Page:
THE kiosks that have been set up for the public to interact with the Road Transport Department (JPJ) for various transactions have received good response – so good that more kiosks are being set up in and around the Peninsular.
The current number of 27 kiosks which were set up since October last year will be increased to 50 by the end of June this year.
All the kiosks have been set up at JPJ's testing centres in Peninsular Malaysia (see graph for locations) by three companies namely MyEG, Komms and Speed.
To date there are 107 testing centres nationwide.
The kiosks can be used to check and pay for summonses, renew driving licences, printing learner driver licences, and checking the Kejara demerit points.
JPJ director-general Datuk Ahmad Mustapha Abdul Rashid said their next plan was to extend the services to Sabah and Sarawak by setting up similar kiosks there.
The idea of having kiosk, he said, was part of JPJ's e-Services, an electronic Government initiative towards creating a multi-service delivery channel through the use of Information and Communications Technology.
“The move is customer driven. We want people to feel at ease when interacting with Government agencies at their own pace as well as having their own space using their personal infrastructure like telephones and computer.
“We want to encourage people to interact with the Government through these channels,” he said.
He added that these paperless transactions would also help reduce bureaucracy.
“People will prefer this too as they do not need to drive to an agency, find and pay for parking and then take a number and wait to be attended to,” he added.
Life will be easier for the public who must be made aware of the existence of such facilities.
Ahmad Mustapha also said that apart from the kiosks, Internet and short messaging services (SMSes), JPJ was also planning to introduce another ICT service in the future called the Interactive Voice Response (IVR).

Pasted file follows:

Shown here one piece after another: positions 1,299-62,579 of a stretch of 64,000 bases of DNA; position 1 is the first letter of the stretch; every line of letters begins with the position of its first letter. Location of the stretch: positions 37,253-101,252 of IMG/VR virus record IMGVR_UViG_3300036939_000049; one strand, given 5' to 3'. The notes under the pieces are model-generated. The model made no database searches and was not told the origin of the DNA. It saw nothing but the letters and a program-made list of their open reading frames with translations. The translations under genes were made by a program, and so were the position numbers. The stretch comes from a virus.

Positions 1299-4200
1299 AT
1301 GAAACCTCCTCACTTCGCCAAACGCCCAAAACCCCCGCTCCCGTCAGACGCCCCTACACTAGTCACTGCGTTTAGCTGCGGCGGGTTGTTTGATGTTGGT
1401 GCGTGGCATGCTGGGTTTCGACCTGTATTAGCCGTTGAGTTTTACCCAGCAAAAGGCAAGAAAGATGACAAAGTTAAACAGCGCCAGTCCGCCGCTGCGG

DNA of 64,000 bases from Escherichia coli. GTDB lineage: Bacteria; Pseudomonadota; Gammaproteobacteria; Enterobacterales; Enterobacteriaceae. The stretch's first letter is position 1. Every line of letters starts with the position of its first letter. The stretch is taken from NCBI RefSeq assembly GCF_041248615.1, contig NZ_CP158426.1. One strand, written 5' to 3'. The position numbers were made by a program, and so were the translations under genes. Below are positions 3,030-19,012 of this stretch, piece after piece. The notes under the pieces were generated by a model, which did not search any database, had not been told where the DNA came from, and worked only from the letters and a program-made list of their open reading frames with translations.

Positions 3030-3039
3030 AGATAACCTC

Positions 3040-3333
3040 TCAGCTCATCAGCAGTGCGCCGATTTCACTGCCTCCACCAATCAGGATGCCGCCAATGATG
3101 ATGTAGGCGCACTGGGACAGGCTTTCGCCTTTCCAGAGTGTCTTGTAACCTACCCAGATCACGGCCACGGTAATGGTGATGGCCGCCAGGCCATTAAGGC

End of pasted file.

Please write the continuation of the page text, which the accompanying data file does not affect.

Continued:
“We hope to introduce the IVR, which is similar to the phone banking used by banks now, as part of our revamp to the e-Services in future,” he said.
Ahmad Mustapha added that from January to April this year, a total of 32, 819 learner drivers printed their licences and since April 11, driving licences can also be renewed via the kiosk or via the Internet.
So far,only 63 customers have tried the renewal via both transactions. He is hoping that more will follow suit.
Renewal slips can be printed out through the kiosks, while those using the Internet can make payment for licences through credit cards and print a receipt as proof of payment while waiting for their licences to be posted to their home addresses.
The fee charged is RM2.
To ensure drivers do not forget to renew their licences, the department has even taken it upon itself to send out reminders about a month or two prior to the expiry date, he said.
There are also plans to send out SMS reminders.
Since May 1, mobile phone users could check the expiry date of the driving licence, Kejara demerit points, and unpaid summonses by sending an SMSes.
They should type JPJIC number (not hyphenated) and sent to 32252 to get all the information for a fee of less than RM1.
The e-Services had also been used for the Highway Code Test for learner drivers before they are issued with the Learner Driver Licence to drive on the road.
The test through computer is conducted at the various test centres nationwide.
It includes questions on the highway code and a separate vision test.
Each student is identified through their thumbprint and they can choose to answer the questions in either Bahasa Melayu or English.
“They have to answer 50 questions in 45 minutes on computer. Last year 822, 889 students were tested through the computer while from January to April 30 there were 268, 584 students,” he said.
He added that students are allowed to familiarise with the computer system earlier to ensure they are able to use the computer for the test, adding that those who are not computer savvy at all would be allowed to sit for the regular written examination.
“The illiterates would be tested orally to ensure they know the law.
Ahmad Mustapha also said that most Malaysians were more comfortable answering the Highway Code Test in English .
Sabah and Sarawak were the last states to receive the English version in April and May respectively, he said, adding that there were plans to have examinations in other languages like Mandarin and Tamil but this would take time.
“Foreigners can also sit for the computer exams to get driving licences but they must know English at least if they do not know Bahasa Melayu,” he said.
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